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Space History Photo: Arm in Arm

space history, eva
With our Blue Marble as a back drop, two astronauts, arm in arm, run through simulations. (Image credit: NASA)

In this historical photo from the U.S. space agency on June 25, 1993, backdropped against the blue and white Earth, Mission Specialist (MS) and Payload Commander (PLC) G. David Low and (MS) Peter J.K. Wisoff, wearing Extravehicular Mobility Units (EMUs), simulate handling of large components in space.

Above Endeavour's Payload Bay (PLB), Low, anchored by a Portable Foot Restraint (PFR) Manipulator Foot Restraint (MFR) on the Remote Manipulator System (RMS) end effector, maneuvers Wisoff, representing the mass of a large space component. This particular task was rehearsed with eyes toward the servicing of the Hubble Space Telescope (HST) or the assembly and maintenance of Space Station.

This Extravehicular Activity (EVA), Detailed Test Objective (DTO) was conducted both with and without intentional disturbances from Endeavour's thrusters and movements of the RMS.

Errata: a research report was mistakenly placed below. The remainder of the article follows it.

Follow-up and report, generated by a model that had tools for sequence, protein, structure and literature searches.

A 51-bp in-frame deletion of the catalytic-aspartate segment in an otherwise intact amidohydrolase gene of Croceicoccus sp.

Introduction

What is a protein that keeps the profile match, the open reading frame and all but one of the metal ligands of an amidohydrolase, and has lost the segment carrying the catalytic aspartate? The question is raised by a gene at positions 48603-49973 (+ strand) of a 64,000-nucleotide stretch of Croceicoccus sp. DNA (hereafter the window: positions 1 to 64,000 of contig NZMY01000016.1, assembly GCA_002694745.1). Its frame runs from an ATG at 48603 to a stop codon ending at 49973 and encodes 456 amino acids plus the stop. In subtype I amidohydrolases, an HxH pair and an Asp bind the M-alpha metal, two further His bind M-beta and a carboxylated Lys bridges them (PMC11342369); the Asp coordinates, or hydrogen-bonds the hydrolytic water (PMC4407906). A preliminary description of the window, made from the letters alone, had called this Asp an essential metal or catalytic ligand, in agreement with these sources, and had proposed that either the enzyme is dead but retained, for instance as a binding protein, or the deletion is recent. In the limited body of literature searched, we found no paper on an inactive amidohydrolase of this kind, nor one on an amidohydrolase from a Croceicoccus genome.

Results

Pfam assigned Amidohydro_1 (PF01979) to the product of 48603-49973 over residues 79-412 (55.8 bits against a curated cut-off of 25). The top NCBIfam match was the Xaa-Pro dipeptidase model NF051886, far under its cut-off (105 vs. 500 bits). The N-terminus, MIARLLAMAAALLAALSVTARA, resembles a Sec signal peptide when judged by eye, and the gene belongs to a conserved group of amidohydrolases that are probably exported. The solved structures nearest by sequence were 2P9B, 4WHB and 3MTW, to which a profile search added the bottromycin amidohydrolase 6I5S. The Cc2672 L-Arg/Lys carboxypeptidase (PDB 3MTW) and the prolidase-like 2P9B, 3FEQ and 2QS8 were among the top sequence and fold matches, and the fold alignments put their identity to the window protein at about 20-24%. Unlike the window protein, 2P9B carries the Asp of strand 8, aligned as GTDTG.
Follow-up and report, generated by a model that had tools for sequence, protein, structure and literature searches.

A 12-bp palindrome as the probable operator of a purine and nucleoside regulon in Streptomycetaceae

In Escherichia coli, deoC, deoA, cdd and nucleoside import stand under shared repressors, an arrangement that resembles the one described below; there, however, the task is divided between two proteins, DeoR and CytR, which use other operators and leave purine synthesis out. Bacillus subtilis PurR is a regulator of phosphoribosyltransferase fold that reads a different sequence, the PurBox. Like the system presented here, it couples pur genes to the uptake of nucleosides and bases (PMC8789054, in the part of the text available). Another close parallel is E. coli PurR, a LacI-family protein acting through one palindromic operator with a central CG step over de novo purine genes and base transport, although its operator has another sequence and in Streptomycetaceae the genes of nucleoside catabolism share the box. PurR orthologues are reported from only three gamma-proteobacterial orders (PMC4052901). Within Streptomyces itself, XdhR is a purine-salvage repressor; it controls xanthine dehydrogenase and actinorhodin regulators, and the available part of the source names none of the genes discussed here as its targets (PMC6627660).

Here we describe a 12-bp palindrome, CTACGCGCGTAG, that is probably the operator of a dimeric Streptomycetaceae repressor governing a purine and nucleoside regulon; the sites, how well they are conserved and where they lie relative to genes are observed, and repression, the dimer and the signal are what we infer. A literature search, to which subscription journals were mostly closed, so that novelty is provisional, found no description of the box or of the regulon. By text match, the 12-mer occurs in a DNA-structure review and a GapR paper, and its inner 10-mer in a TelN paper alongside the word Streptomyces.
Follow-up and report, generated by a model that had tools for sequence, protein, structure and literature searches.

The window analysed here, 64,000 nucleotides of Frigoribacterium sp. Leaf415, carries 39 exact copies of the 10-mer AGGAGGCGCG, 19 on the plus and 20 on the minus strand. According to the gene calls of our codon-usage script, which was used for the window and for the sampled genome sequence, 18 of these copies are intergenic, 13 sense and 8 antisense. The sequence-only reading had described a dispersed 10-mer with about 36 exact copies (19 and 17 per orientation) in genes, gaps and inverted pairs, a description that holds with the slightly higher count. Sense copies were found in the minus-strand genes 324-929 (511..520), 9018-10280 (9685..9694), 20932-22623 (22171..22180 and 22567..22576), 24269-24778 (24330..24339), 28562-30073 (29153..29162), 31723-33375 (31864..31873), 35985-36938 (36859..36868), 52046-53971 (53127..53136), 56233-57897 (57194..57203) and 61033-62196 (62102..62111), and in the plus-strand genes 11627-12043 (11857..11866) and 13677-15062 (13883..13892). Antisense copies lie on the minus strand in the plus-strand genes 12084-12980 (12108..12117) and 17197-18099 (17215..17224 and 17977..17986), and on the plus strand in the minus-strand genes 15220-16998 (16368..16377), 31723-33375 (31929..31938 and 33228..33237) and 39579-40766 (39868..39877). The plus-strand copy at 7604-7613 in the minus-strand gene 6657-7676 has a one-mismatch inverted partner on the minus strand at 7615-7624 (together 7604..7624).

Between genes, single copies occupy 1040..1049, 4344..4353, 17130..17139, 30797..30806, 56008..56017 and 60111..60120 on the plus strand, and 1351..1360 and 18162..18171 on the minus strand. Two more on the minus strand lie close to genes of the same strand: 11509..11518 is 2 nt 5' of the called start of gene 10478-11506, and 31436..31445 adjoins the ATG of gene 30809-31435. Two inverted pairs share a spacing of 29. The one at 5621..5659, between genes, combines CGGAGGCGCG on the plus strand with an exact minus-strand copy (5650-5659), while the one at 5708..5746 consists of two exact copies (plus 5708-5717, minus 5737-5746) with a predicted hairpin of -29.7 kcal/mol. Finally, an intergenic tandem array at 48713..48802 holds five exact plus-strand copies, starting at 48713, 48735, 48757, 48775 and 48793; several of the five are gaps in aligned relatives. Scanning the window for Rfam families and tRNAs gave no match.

The SPACEHAB-01 Commercial Middeck Augmentation Module (CMAM)) is visible in the foreground with the Superfluid Helium On Orbit Transfer (SHOOT) payload liquid helium dewar assembly and the European Retrievable Carrier (EURECA) only partially visible in the aft PLB shadows. The vertical stabilizer and Orbital Maneuvering System (OMS) pods are silhouetted against the Earth's surface.

Each weekday, SPACE.com looks back at the history of spaceflight through photos (archive).

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The National Aeronautics and Space Administration (NASA) is the U.S. government agency in charge of the civilian space program as well as aeronautics and aerospace research. Founded in 1958, NASA is a civilian space agency aimed at exploring the universe with space telescopes,  satellites, robotic spacecraft, astronauts and more. The space agency has 10 major centers based across the U.S. and launches robotic and crewed missions from the Kennedy Space Center in Cape Canaveral Florida. It's astronaut corps is based at the Johnson Space Center in Houston. To follow NASA's latest mission, follow the space agency on Twitter or any other social channel, of visit: nasa.gov